Compared to earlier studies a clear difference became evident, because e-learning programs were used in this studies only 5% [1] or 6% [6]. At that time “ only a small number of students knew about learning programs on disk or online. Furthermore, the use of these programs usually remained behind their contents (…).” [8].

Also for independent study new media such as the e-learning program "HistoInteraktiv" have gained increasingly more importance and have become an inherent part during intensive learning phases. That is reflected by 67 of 172 interviewed students who declared they revert frequently to this program, additionaly 65 students use it very often. That adds up to 78% of students working regularly with "HistoInteraktiv".

Only 38 Students declared using this program "sometimes", "rarely" or "never" (see figure 5 [Fig. 5]).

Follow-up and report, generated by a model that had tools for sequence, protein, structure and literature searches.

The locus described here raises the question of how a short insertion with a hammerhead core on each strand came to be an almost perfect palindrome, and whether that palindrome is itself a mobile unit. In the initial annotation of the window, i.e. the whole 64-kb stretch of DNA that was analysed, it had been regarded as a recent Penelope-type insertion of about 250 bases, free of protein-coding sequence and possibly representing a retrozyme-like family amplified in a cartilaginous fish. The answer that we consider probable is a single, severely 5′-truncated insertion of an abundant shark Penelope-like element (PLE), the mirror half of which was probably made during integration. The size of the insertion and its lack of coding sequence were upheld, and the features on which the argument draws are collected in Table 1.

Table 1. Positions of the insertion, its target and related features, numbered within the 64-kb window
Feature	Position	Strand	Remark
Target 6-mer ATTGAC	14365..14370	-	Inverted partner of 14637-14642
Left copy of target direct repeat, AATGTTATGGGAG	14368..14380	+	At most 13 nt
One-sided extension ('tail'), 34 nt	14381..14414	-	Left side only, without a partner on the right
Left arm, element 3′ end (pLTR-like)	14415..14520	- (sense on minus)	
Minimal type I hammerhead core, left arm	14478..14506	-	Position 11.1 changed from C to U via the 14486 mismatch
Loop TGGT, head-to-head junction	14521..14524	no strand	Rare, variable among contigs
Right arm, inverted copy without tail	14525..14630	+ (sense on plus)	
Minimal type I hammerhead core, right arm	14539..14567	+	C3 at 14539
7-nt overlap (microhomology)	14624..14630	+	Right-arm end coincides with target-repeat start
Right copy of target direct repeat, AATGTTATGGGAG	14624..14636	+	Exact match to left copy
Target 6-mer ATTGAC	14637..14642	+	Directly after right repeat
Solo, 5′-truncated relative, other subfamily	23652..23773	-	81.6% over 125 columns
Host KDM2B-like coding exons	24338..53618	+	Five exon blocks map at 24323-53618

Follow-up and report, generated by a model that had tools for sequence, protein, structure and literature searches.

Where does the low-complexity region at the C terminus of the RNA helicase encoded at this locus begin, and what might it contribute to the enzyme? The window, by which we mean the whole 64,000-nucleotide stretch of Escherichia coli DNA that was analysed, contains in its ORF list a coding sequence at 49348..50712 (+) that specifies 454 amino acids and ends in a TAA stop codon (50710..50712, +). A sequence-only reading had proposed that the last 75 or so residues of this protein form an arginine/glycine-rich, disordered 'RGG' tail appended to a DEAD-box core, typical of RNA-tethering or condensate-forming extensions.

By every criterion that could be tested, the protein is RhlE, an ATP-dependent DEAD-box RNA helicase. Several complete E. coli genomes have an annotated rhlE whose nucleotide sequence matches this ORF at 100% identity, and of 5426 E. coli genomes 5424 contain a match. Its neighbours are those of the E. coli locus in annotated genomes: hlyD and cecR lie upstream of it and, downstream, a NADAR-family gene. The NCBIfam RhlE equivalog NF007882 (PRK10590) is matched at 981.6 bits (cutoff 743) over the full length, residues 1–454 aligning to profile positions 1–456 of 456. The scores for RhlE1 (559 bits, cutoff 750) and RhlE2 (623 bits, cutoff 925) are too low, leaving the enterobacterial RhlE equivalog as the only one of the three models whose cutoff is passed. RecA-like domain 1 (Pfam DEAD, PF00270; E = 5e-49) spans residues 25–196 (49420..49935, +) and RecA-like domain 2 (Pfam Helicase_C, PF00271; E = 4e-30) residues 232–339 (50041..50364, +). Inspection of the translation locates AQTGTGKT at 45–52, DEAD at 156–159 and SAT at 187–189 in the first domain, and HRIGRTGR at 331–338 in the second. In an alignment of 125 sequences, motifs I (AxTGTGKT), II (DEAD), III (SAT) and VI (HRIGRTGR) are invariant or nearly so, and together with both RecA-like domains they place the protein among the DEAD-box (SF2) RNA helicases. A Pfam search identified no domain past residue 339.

Regarding the average time of program use our survey revealed that students work with the program normally for a longer time at a stretch, about 30 minutes (42%), some one hour (25%) and even longer (33%) (see figure 6 [Fig. 6]).

Analysing the use of the light microscope in more detail it turned out that medical students and dentistry students use it differently. Students of dentistry normally use it more regularly (14%) than medical students (9%). Most of the interviewees (48%) stated that they used light microscopes only rarely, mostly during the preparation of attestations and examinations. That reflects the above described minor significance of the light microscope compared to other learning media.

The more frequent use of the light microscope by students of dentistry might be based on the pecularities of their job profil, which requires from the beginning a precise coordination of hands and eyes as well as the literally enquiring eye [4]. Additionally, dentistry students have to complete a longer pre-clinical study of five semesters, which might leave them more time for more intensive work with the light microscope.